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Since the majority of the cork will be in places off the sweet spot and will be deep enough into the core of the bat at the sweet spot, I'm not sure it's going to matter much in terms of density...if that's what you're referring to. The shell of the bat is the same and for at least a half inch in diameter around the bat. So any effect of it being softer and thus absorbing more energy are probably insignificant.

 

Now a bat made of solid cork of course would suck because it would be so soft. But since a corked bat still has a sufficiently hard wood shell, I'm not sure the cork inside matters at all in terms of loss of energy transfer. Cork isn't going to absorb so much more relevant energy at this time anyways as the further from the bat surface you go the less it matters. Plus the cork has hard wood on all sides of it so if energy were to come into it, you would imagine it would then spring off the other side since it's hard wood there and bounce back.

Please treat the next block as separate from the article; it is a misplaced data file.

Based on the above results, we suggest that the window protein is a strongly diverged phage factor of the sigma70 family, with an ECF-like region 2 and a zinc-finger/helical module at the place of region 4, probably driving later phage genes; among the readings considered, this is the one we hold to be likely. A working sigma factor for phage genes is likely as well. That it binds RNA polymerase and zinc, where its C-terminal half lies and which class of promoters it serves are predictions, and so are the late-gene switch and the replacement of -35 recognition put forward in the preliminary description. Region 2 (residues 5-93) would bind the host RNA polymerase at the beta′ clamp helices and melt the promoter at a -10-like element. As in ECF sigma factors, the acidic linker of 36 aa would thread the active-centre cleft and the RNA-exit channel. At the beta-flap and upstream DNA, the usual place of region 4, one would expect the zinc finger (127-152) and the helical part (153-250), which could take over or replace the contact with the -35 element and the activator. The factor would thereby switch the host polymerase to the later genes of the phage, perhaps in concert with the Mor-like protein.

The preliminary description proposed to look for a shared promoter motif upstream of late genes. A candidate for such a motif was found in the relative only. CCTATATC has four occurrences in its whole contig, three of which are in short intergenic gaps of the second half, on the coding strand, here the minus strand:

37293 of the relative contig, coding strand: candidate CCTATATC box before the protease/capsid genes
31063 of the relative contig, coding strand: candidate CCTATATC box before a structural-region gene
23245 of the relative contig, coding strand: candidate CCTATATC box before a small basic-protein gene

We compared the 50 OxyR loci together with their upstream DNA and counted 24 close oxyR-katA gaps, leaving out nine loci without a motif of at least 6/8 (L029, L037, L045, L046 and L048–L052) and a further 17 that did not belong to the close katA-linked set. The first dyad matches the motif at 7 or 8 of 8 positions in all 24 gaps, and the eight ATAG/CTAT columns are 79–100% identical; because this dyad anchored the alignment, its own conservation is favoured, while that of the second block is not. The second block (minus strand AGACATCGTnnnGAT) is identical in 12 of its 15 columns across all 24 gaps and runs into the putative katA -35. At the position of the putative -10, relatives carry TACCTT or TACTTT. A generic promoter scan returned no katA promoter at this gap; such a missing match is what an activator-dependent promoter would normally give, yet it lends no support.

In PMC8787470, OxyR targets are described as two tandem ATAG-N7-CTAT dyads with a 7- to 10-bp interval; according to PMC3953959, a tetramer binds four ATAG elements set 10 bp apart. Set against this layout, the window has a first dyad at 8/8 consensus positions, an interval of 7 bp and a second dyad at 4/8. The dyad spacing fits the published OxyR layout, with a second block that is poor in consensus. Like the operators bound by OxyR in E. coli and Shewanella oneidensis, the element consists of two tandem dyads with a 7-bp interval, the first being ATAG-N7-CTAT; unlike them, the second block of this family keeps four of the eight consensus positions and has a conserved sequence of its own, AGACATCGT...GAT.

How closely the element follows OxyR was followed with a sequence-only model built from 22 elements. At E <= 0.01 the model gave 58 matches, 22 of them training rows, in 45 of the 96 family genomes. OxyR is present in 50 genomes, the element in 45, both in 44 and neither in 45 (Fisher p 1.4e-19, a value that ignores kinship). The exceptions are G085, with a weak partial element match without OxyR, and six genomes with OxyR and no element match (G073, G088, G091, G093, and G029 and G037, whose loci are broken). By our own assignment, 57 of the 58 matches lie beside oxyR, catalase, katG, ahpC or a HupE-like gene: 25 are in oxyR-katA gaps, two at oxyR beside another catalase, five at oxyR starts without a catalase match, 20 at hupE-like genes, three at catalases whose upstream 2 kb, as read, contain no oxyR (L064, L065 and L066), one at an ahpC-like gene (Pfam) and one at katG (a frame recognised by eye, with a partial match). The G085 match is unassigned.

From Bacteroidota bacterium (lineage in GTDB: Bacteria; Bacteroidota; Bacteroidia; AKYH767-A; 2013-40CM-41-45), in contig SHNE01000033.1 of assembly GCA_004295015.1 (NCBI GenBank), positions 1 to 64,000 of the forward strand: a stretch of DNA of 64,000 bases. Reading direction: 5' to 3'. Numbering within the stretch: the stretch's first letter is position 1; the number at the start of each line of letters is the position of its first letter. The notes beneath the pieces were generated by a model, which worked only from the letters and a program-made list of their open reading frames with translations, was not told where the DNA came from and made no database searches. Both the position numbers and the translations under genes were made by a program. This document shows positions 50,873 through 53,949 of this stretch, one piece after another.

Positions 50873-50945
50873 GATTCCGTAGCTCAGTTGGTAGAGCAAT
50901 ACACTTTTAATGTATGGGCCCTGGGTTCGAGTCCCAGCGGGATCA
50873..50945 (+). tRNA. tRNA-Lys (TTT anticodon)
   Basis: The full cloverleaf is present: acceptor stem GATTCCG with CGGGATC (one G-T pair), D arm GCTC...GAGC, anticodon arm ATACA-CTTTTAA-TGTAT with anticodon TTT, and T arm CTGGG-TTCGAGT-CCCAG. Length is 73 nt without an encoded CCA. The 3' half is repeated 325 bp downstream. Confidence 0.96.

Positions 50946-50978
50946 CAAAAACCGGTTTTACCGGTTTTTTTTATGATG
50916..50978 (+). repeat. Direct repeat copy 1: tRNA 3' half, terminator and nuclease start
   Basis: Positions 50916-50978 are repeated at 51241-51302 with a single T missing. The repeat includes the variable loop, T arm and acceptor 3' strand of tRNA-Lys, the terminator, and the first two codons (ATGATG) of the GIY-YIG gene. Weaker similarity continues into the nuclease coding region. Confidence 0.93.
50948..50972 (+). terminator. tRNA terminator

You're essentially talking about the loss of mass, which is m in the equation. And since V is squared, any rise in V could very well create more force for a loss in m.

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If you have a problem with their methods write in to them on the discovery website. They often revisit myths when enough people write in saying they did something wrong. They often get things wrong and the experiment comes out different.

Fan is short for fanatic.

I blame Wang.

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If you have a problem with their methods write in to them on the discovery website. They often revisit myths when enough people write in saying they did something wrong. They often get things wrong and the experiment comes out different.

 

Yes, that's true, but I think that their methodology is often lackluster, so I don't know what writing in to say that would accomplish. I still love the show, it just seems like they could do a little better on some of the more mundane myths. Those types (as opposed to "Medieval Chinese Astronaut" and things like that) are crying out for the scientific method to be applied more rigorously. I guess that may not make as interesting a show though.